The rest of the story Months ago, I gave a copy of my book, No Gold Stars, to one of my Mom’s most competent and caring sitters, Betty. Because she works at least two jobs, I doubted she would find time to read it. For almost six months, I’d ask her about that. “I just haven’t had time,” she’d tell me. “But I will,” she’d insist.
But she never did. That’s why I offered to read it to my mother and her. Although I knew my reading would require fifteen to twenty days to complete, I knew the time would pass quickly because Betty, a black woman from Danville, is the same age my students (in the book) would have been now. I reasoned that memories I would stir in her with my reading might be profoundly important and probably painful. As my readings continued, that proved to be true for both of us.
No Gold Stars is based on my memoir of my first teaching experience. In Greenville, SC, in the fall of 1968, I integrated that city’s school system. The school was Rev. Jesse Jackson, Sr.’s alma mater, Sterling Jr.-Sr. High. I was the only white person in the school.
“I met Rev. Jackson,” I told Betty, “when he was here for President Obama’s first campaign. I told him about the book and sent him a rough draft. He signed a testimonial; it’s on the back cover.”
I told Betty that because I wanted to remind her that my book was a true story about the Civil Rights era, near the end of its darkest days. That explained Rev. Jackson’s interest. I’d hoped, that by telling Betty about him, she would be more involved in the reading.
She was. From the start, she identified with my students in their segregated, but for me, environment. She told of living conditions that would have terrified me. As a child, she lived with her family in a tiny rental home owned by a negligent landlord. “Rats would come through holes in the wall near the floor when I was taking a bath,” she told me. “It was scary, but the owner wouldn’t fix it,” she said.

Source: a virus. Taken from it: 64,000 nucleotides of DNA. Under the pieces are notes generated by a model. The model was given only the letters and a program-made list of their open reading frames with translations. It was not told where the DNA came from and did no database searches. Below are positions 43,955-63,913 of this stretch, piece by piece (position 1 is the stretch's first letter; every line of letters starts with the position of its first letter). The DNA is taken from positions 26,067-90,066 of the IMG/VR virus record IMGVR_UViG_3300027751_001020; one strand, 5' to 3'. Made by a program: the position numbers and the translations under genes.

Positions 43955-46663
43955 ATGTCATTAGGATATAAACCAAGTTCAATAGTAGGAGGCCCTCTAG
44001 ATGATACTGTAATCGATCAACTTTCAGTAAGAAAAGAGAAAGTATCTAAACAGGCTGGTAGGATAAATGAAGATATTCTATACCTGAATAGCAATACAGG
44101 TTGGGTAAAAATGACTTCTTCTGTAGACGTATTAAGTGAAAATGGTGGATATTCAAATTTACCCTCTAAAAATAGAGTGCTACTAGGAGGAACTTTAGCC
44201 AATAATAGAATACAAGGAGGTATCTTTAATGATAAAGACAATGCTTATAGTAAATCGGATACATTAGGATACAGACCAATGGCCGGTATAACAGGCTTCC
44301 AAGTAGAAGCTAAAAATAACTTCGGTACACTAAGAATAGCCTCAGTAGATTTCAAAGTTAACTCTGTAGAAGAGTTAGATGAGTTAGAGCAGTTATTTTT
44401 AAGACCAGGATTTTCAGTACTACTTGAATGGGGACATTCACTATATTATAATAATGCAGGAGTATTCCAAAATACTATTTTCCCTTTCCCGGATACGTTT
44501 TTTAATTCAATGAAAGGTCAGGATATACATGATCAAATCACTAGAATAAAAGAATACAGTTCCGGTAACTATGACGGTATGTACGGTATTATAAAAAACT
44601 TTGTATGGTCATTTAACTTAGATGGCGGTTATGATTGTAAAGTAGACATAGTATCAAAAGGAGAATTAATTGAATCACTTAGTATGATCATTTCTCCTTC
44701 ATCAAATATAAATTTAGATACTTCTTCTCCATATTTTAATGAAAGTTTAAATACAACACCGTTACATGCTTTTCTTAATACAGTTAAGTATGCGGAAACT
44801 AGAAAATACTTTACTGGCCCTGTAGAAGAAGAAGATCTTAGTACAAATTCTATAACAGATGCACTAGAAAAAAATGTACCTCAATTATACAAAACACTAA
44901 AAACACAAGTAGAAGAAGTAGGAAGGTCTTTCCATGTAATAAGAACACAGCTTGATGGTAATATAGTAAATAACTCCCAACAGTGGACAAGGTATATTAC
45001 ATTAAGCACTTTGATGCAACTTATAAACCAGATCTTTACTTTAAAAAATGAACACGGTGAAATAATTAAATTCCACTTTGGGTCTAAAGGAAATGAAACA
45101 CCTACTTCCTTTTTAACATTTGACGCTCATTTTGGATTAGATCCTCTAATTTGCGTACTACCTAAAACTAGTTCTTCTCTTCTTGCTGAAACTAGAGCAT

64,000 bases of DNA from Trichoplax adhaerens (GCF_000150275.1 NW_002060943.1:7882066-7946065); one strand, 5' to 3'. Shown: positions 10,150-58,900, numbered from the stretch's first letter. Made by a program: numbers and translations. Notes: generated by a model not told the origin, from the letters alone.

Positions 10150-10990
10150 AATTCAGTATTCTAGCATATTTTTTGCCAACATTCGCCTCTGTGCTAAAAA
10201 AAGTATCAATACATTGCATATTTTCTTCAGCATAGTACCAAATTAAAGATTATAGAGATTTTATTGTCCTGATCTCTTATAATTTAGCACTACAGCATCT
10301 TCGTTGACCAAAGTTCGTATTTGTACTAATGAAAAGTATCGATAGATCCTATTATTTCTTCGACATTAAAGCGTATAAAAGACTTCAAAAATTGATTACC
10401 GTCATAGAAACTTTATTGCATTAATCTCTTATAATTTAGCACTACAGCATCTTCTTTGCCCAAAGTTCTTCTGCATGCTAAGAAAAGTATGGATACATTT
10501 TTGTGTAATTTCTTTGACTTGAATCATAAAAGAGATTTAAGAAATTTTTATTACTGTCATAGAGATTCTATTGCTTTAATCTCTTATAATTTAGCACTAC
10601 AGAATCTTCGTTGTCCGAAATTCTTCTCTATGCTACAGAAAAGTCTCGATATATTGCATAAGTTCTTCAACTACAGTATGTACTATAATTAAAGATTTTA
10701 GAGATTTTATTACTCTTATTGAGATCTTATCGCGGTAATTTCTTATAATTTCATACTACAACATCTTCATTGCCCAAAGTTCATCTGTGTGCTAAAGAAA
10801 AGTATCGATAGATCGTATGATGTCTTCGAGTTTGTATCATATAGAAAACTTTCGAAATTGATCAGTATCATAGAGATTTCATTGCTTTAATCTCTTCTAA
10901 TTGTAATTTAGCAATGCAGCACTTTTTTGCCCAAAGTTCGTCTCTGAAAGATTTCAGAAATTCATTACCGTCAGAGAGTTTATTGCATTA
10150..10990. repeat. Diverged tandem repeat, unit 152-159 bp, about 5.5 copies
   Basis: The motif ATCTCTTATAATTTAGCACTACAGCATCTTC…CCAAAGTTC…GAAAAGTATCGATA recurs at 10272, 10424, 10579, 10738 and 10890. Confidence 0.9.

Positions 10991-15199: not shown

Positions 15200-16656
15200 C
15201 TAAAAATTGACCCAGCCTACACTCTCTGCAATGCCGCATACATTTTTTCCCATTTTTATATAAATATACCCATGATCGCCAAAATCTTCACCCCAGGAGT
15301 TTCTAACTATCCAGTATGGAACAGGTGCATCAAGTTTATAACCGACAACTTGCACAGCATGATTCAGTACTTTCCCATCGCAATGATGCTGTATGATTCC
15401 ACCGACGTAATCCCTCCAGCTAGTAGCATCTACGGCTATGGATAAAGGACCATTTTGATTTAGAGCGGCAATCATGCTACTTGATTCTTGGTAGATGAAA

When I asked where the home was, she was reluctant to say. “I’ve never taken anyone there to see it. I have such bad memories.” Her voice trailed off.
I couldn’t tell whether she was crying. As I read about the outdated textbooks I’d refused to use, she recalled the tattered books she’d been given.
At the chapter about taking my students to the “public” library for their first time, she winced. She remembered not being allowed to go to ours.
She talked about having to go to the back of the city buses, about menial jobs her relatives had to take. None others were available to them.
At times, while reading, I would get tearful. My memories, too, were that searing. When it seemed I couldn’t read another line, Betty would quietly get up to pour a glass of water for me. Time and again, her kindness helped me through the hard parts.
Always, when I finished, I would listen to her stories, so important yet hard for her to tell.
“When my husband and I were first married,” she said in her honest and genteel manner, “we lived in a trailer court. Everyone there but us were white. At night, we would hear things hit our trailer. Drink bottles. Beer cans. People would call us niggers, would tell us to leave.”
I grimaced at hearing her story, felt like cheering when I heard that they got away from that trailer park.
Last night, I finished the book. I sensed that Betty didn’t want it to end. I wondered how many more stories she might have told had there been more chapters to read. That’s why I told her that I’m working on its sequel.
“Another book?!” she exclaimed more than asked. She wanted me to read that one too. Its story will be a lot like No Gold Stars. Its setting is St. Thomas in the Virgin Islands. My students were wonderful kids, the same ages as those I taught in Greenville.
Many were just like Betty. That good, that kind. I’m sure she’ll ask about my progress. For me, they’ll be no better reason to finish it than that.
B. Koplen 1/10/13
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